It has been my experience that the line between admitting that we are in need of forgiveness and repentance and celebrating God's gracious and transformative gifts offered freely to us can be a very fine one on which to balance. I could tell stories about my brief dip into a more evangelical expression of faith that greatly emphasized one's own sinfulness, sometimes in damaging and hurtful ways; many others have similar tales as well. I could also point to those within my own tradition who have critiqued what they have seen as an overemphasis on grace to the point where there is little change that takes place in the life of the individual; nothing that moves one from admitting one's wrong behavior and attitude toward reforming it to be more in line to what Jesus calls us to be in the world.
Move too far toward a focus on sinfulness, and you can do real harm to people. Move too far toward a focus on grace, and you risk forgetting the effect that it is meant to have on people.
I had this line and the tricky balance that it brings in mind as I began to read The Truth About Us: The Very Good News about How Very Bad We Are by a longtime favorite of mine, Brant Hansen. Brant is a radio host, sometimes-blogger, advocate, and musician whose offbeat observations about life, faith, and the church can be insightful and hilarious at the same time. This combination has served him well in previous books, and so I was interested in how he would approach an issue that immediately risks alienating people.
This risk is illustrated by the very beginning of the first chapter, where he first quotes Psalm 14:3 ("there is no one who does good, not even one") and then follows that up with this:
Dear Everybody,Those still trying to shed baggage from a bad brush with Christianity may be tempted to put the book down right then, if they hadn't already placed it back on the shelf after reading the subtitle. I don't blame them. But if one strives ahead, one may be able to see that Hansen's intentions are far from wanting to beat people over the head with their own flaws. Instead, his interest is more in trying to get people to consider that maybe we're not as great as we think we are.
We have a serious problem:
Al of us think we're good people.
But Jesus says we're not.
Brant P. Hansen
The rest of the first chapter, for instance, references a series of polls taken where a majority of respondents rate themselves as smarter, friendlier, more ambitious, but also more humble than the average person. He uses this data to make the case that we tend to rate ourselves as better than others, which can easily move us toward a self-righteousness that in reality can work against the high opinions that we hold about our own thoughts and actions.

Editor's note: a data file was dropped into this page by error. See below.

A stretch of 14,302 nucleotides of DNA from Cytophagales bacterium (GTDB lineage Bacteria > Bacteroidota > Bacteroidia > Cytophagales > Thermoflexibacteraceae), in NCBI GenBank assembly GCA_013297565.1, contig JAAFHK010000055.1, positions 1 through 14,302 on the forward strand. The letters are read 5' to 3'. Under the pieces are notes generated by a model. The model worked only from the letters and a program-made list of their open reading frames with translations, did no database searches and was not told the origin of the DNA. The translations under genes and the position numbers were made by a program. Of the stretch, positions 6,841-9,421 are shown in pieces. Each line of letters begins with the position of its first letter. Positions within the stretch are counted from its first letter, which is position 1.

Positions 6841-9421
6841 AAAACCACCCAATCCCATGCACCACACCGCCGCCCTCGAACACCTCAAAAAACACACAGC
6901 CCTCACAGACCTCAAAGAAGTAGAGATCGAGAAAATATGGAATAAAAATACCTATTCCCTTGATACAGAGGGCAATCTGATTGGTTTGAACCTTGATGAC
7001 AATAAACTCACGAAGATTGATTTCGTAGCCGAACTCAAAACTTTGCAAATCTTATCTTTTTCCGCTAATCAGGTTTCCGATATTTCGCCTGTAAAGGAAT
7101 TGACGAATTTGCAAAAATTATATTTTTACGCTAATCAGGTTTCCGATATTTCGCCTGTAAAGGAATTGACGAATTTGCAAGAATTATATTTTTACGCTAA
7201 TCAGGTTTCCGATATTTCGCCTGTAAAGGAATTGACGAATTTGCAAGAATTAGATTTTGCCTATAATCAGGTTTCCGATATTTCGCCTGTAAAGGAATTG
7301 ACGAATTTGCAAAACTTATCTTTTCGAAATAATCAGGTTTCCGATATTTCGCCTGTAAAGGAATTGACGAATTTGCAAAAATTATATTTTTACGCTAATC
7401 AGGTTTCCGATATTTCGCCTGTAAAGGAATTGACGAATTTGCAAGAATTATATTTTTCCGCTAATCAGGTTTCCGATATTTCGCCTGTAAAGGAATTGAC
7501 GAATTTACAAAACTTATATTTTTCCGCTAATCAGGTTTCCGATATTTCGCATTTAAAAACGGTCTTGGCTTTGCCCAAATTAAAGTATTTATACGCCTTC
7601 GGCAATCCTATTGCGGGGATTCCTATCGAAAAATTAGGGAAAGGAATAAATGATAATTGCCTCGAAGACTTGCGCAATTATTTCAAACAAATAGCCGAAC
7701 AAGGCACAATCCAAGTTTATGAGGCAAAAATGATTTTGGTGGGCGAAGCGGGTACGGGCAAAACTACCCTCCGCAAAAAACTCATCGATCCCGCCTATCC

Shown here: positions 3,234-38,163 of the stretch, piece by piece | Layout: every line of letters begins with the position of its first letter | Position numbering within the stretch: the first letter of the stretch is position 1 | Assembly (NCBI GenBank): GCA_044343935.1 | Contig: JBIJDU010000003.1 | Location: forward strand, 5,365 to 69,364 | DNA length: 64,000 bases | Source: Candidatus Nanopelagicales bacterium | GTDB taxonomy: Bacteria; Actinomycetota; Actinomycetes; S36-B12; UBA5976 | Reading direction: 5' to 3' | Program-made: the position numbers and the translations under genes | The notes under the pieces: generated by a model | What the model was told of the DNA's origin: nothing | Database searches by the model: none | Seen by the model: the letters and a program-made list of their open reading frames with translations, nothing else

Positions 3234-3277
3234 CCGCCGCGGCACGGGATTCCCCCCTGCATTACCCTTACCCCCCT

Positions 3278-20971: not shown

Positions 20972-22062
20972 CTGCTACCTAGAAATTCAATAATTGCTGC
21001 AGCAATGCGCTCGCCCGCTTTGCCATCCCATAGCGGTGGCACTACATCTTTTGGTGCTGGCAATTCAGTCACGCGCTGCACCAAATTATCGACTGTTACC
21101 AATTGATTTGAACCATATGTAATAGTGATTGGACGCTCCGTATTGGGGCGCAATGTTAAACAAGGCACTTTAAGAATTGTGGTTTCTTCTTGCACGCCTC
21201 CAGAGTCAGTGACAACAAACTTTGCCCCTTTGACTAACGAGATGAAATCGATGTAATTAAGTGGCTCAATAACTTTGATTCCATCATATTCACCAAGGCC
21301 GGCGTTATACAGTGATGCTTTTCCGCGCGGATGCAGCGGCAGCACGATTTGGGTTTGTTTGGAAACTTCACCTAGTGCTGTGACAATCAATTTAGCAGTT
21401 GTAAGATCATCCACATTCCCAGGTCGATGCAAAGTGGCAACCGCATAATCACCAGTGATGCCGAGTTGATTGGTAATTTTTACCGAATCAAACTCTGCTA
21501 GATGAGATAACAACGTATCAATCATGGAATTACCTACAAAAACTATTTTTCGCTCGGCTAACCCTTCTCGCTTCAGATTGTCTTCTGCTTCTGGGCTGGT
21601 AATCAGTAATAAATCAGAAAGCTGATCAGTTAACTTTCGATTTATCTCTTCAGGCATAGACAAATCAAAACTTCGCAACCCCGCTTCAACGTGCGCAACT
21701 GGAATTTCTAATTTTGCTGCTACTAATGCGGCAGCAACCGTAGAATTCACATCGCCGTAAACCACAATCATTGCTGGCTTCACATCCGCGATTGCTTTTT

As another example, chapter 3 is about pantyhose. No, really. Hansen cites a study where researchers stood outside a department store and asked people which of four pantyhose samples were the best. The secret was that they were all exactly the same, and yet even after respondents chose one and then were let in on the trick, they still would insist that their choice was superior. They refused to change their minds because they wanted to be correct. We are often convinced of our own rightness to such a high degree, Hansen argues, that we won't change it even when presented with an objectively correct counter-argument.
Hansen often cites studies and examples like these through his book, which I found very effective and a gentle way of getting people to see what he's talking about. He also discusses examples from scripture, particularly from Jesus and his interactions with people who thought they were much better than everyone else. One profound example that he uses is when he applies Jesus' act of foot-washing to a real experience that he had in Costa Rica, where he washed the feet of another person in his group. The longer he washed, he said, the more concerned he felt for the recipient. This humble action began to cause real change for him in that moment, making him more considerate toward another.
The longer I read, the more I realized that this book is not about guilting people into feeling bad about themselves. Well, in a way it is that. But more specifically it is a book meant to encourage the reader to consider their own self-righteousness, their own lack of humility, their own self-illusions about themselves, especially in comparison to others.
With a gentle touch that I have long known and appreciated him for, Hansen makes the case that we're not as great as we think we are. And admitting that is the first step in pursuing what we truly could be doing better, both for our own sake and for others. It turned out that this book is less about the line, and more about our tendency to enforce it by our own self-selected criteria.
The Truth About Us releases on April 21st.
(I was sent a free copy of this book to review. My opinions are my own.